Mission: Impossible is an American television series that was created and initially produced by Bruce Geller. It chronicles the missions of a team of secret government agents known as the Impossible Missions Force. In the first season, the team is led by Dan Briggs, played by Steven Hill; Jim Phelps, played by Peter Graves, takes charge for the remaining seasons. A hallmark of the series shows Briggs or Phelps receiving his instructions on a recording that then self-destructs, followed by the theme music composed by Lalo Schifrin.
The series aired on the CBS network from September 1966 to March 1973, then returned to television for two seasons on ABC, from 1988 to 1990, retaining only Graves in the cast. It later inspired a popular series of theatrical motion pictures starring Tom Cruise, beginning in 1996.
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The series centers on 17-year-old Joshua “J” Cody, who moves in with his freewheeling relatives in their Southern California beach town after his mother dies of a heroin overdose. Headed by boot-tough matriarch Janine “Smurf” Cody and her right-hand Baz, who runs the business and calls the shots, the clan also consists of Pope, the oldest and most dangerous of the Cody boys; Craig, the tough and fearless middle son; and Deran, the troubled, suspicious “baby” of the family.
Road to Avonlea is a television series which was first broadcast in Canada and the United States between 1990 and 1996. It was created by Kevin Sullivan and produced by Sullivan Films in association with CBC and the Disney Channel, with additional funding from Telefilm Canada.
It was adapted from the following books by L.M. Montgomery: The Story Girl, The Golden Road, Chronicles of Avonlea and Further Chronicles of Avonlea.
Some episodes of the show were turned into the independent books by different authors. There have been around 30 titles released.
In the United States, its title was shortened to simply Avonlea, and a number of episodes were re-titled and re-ordered. When the series was released on VHS and DVD in the United States, the title changed from Road to Avonlea to Tales from Avonlea.
The series is set in the fictional small town of Avonlea, Prince Edward Island, in the early 20th century. There, 10-year-old Montreal heiress Sara Stanley is sent by her wealthy father to live with her two maiden aunts, Hetty and Olivia King, to be near her late mother’s side of the family. The show’s focus shifted over the years from Sara’s interactions with her new-found relatives, to stories about the King family. Later seasons of the show focused more on residents of Avonlea who were connected to the King family. Sarah Polley left the show in 1994, returning for one guest appearance in the 6th season and one in 7th season.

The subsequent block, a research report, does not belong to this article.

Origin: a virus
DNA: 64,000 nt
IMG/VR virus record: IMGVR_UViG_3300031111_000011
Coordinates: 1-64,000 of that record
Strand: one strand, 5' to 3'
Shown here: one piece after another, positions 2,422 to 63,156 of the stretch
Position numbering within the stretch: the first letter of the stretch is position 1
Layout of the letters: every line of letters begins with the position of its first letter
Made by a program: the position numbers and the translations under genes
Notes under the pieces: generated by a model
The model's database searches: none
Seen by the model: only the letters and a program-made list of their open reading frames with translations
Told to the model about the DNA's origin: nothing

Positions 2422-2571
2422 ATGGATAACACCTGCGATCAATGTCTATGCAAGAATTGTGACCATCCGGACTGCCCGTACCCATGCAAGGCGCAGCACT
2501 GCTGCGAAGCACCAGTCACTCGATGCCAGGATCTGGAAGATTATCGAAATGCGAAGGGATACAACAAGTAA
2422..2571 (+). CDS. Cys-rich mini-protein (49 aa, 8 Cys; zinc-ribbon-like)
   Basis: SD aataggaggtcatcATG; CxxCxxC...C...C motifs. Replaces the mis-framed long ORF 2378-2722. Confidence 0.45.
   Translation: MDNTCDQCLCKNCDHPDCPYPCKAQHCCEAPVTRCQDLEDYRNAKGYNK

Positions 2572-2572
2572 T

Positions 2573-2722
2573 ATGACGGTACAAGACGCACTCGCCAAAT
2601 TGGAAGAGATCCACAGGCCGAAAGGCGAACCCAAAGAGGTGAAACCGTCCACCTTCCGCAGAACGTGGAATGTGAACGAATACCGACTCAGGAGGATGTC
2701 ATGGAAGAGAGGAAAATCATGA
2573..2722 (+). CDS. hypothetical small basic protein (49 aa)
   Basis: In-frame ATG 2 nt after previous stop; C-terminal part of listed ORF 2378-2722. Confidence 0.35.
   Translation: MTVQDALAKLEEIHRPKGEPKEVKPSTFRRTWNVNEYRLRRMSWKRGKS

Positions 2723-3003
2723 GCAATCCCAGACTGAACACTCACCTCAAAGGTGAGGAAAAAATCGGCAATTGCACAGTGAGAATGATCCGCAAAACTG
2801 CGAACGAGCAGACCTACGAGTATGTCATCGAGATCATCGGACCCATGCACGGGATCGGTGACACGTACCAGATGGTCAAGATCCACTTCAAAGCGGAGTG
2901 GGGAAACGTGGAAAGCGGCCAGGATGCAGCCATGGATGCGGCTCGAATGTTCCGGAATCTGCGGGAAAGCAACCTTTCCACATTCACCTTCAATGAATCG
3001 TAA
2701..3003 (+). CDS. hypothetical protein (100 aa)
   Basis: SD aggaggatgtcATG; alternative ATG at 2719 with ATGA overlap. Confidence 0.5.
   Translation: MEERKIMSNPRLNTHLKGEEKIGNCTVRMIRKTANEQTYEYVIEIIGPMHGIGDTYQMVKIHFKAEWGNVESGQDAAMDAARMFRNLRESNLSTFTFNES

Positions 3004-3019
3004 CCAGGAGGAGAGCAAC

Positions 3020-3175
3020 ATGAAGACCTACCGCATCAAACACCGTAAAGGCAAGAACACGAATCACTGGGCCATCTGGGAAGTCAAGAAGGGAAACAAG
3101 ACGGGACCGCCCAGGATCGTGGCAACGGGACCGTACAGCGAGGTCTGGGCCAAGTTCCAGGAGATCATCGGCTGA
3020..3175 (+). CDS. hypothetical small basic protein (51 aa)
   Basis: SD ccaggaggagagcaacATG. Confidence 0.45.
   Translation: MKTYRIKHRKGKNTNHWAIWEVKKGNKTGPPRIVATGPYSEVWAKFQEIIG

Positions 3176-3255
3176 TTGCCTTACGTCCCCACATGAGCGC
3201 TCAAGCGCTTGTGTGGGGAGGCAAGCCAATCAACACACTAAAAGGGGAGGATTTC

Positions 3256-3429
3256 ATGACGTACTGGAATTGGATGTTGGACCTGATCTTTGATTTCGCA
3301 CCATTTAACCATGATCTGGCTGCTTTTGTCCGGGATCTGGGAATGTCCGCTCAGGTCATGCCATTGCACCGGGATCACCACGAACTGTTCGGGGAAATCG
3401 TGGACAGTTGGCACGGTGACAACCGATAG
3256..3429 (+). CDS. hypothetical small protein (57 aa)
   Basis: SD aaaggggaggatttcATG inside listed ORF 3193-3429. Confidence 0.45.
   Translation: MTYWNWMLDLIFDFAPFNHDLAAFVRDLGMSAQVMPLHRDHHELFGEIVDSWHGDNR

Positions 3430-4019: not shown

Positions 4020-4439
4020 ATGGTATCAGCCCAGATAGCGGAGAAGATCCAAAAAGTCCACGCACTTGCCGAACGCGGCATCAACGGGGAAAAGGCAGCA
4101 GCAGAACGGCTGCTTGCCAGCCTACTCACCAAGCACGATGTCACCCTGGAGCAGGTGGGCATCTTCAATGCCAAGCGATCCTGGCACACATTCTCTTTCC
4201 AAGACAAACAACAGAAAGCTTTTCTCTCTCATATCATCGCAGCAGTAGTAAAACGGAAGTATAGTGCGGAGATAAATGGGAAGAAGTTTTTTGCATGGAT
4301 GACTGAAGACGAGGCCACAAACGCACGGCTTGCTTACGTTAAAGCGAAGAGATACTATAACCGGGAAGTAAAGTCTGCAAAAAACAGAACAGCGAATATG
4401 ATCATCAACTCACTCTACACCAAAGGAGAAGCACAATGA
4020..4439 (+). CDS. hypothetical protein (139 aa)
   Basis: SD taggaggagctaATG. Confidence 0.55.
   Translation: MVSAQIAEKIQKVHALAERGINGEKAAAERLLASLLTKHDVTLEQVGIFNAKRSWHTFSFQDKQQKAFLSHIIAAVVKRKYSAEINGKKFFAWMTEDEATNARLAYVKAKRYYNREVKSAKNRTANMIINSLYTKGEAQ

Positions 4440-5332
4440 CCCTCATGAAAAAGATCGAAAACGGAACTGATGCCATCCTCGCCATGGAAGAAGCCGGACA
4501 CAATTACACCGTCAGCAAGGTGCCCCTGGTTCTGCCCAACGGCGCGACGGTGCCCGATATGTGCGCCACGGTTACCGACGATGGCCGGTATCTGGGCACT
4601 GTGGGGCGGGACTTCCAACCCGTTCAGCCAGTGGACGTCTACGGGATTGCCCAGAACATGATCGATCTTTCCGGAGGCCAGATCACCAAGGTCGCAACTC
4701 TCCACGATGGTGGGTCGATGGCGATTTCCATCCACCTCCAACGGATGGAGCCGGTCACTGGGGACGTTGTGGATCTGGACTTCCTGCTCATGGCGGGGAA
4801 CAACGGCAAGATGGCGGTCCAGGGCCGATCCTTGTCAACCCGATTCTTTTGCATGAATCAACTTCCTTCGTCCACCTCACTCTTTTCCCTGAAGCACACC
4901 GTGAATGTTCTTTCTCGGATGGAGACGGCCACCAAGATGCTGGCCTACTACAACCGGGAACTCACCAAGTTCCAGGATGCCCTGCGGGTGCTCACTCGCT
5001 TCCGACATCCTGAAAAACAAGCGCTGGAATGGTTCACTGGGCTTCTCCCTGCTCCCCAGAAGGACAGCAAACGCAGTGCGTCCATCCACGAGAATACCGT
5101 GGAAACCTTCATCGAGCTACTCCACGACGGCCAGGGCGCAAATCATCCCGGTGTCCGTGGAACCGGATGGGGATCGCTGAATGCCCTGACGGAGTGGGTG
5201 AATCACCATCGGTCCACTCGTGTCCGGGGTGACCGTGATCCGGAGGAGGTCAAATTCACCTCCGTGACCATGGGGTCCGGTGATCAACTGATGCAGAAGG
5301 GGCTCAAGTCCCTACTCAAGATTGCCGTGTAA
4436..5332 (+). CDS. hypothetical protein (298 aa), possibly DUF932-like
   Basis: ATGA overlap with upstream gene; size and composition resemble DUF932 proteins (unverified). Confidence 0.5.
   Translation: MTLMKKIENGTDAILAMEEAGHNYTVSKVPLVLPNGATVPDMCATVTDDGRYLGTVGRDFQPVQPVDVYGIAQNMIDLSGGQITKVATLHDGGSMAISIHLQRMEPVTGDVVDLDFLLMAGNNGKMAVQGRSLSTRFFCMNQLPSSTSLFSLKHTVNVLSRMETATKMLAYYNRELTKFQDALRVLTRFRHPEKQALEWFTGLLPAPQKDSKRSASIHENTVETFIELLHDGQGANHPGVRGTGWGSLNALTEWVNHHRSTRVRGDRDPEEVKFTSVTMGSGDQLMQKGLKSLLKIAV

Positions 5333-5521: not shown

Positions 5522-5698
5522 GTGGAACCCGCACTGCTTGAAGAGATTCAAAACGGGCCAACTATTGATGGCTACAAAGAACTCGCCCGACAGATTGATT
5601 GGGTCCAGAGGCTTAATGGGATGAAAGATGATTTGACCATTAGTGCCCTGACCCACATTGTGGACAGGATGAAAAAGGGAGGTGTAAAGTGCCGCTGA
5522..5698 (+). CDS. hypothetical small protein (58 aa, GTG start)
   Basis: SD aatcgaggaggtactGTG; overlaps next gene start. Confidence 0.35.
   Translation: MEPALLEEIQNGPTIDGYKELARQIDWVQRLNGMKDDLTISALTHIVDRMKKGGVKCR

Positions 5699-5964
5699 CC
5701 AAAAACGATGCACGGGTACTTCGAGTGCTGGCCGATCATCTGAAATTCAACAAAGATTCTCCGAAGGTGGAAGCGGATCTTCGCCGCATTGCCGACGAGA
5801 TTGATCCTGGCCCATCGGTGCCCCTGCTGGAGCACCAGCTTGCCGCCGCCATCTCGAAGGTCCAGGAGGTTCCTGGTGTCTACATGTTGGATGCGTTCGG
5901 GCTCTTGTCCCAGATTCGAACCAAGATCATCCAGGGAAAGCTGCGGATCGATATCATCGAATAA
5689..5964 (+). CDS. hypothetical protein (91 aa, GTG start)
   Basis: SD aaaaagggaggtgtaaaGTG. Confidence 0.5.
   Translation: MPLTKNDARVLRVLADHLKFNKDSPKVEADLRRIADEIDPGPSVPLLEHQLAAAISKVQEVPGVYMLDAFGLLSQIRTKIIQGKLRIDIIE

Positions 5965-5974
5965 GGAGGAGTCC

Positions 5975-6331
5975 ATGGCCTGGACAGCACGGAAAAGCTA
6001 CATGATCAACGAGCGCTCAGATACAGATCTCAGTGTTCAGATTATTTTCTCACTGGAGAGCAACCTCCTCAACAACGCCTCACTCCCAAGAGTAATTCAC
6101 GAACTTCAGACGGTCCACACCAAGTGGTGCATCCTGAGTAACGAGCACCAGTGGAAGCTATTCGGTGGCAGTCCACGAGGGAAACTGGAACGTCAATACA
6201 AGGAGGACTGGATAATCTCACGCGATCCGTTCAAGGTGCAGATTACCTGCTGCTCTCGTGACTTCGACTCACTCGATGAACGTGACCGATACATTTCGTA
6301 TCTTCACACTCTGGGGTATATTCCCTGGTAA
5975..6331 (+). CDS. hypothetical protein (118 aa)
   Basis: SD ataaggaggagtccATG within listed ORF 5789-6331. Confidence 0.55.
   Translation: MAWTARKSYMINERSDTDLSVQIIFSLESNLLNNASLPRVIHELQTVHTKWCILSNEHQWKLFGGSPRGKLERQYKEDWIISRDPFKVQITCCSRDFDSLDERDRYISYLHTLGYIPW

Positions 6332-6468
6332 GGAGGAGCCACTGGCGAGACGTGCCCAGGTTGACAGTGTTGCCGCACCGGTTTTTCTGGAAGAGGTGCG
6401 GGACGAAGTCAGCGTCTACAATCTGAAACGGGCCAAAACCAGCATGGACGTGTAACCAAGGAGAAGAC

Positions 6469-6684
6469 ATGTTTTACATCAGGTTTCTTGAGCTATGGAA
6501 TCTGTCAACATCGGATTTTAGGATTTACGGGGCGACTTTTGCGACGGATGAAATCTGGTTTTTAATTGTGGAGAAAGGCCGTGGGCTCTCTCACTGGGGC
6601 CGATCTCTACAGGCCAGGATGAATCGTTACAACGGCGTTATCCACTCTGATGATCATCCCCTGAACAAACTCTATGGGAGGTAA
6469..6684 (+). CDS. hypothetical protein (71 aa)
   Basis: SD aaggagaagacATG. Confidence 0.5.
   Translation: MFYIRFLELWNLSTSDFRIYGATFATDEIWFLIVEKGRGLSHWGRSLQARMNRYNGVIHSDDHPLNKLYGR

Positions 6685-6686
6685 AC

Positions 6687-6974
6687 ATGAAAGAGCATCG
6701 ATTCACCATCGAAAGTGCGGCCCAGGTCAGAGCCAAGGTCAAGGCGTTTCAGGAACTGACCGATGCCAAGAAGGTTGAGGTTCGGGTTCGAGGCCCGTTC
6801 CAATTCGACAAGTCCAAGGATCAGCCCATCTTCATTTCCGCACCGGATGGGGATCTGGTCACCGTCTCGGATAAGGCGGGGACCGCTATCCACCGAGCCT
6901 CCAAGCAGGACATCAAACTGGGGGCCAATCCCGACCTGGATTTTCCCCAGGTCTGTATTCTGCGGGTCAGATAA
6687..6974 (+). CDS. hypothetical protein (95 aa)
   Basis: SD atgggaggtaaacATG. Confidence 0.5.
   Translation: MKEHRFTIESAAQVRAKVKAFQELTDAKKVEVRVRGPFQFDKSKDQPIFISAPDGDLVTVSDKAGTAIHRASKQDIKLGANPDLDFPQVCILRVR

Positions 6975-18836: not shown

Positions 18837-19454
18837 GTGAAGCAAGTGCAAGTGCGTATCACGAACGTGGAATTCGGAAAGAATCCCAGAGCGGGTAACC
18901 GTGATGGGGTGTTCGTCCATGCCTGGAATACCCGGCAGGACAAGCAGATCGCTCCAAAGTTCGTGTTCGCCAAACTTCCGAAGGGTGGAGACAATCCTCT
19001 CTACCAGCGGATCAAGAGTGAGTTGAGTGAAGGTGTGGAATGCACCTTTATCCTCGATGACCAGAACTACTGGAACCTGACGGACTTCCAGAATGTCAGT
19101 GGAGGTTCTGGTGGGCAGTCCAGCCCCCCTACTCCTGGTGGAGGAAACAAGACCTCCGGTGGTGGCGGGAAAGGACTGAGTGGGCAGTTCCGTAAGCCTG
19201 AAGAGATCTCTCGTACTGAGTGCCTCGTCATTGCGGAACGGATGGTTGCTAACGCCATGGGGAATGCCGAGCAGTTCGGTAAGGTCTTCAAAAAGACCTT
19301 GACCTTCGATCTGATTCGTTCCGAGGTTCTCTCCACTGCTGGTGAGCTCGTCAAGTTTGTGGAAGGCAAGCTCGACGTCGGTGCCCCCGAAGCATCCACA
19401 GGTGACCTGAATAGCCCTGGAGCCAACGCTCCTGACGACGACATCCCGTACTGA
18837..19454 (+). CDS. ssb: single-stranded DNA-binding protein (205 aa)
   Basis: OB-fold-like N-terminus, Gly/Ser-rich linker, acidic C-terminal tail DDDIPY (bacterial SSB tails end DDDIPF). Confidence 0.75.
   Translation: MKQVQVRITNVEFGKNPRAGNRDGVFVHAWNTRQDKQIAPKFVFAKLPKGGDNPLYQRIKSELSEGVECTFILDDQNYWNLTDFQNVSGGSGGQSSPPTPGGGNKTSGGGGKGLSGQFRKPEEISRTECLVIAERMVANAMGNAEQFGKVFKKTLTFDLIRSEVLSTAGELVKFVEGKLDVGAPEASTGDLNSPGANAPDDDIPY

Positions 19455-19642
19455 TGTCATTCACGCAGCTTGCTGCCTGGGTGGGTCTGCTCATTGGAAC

Yu-Gi-Oh! is a 1998 Japanese anime television series produced by Toei Animation and Bandai based on chapters 1-59 of the manga of the same name written by Kazuki Takahashi. The series aired on TV Asahi between April 4, 1998, and October 10, 1998. An animated film based on the series was released in Japanese theatres on March 6, 1999. The opening theme is “A Cry of Thirst” by Field of View whilst the ending theme is “Even If You Break Tomorrow” by Wands. The series was followed by a different adaptation produced by Nihon Ad Systems and Konami, Yu-Gi-Oh! Duel Monsters, which began airing in 2000. Fans outside of Japan have dubbed this series as “Yu-Gi-Oh! Season Zero.”
As the publisher of Modern Skeptic Magazine, Hank Galliston has spent his career following clues, debunking myths and cracking conspiracies. But when his beautiful wife, Laila, is abducted from her antique clock shop, Hank gets pulled into one of the most compelling mysteries in human history, stretching around the world and back centuries.
Braquo is a French crime drama television series created by Olivier Marchal and produced by Capa Drama with the participation of Canal+ in association with Marathon Group, Be-Films and RTBF. It was first broadcast in France from October 12 to November 2, 2009. The first season established a record of audience for an original production of the channel, and has surpassed that of many U.S. productions broadcast by the network. The second season started in Canal+ on November 21, 2011. A third and final season was announced by main actor Jean-Hugues Anglade in 2011.
The name of the series comes from the French “braquage” that describes armed robberies, particularly those committed on banks.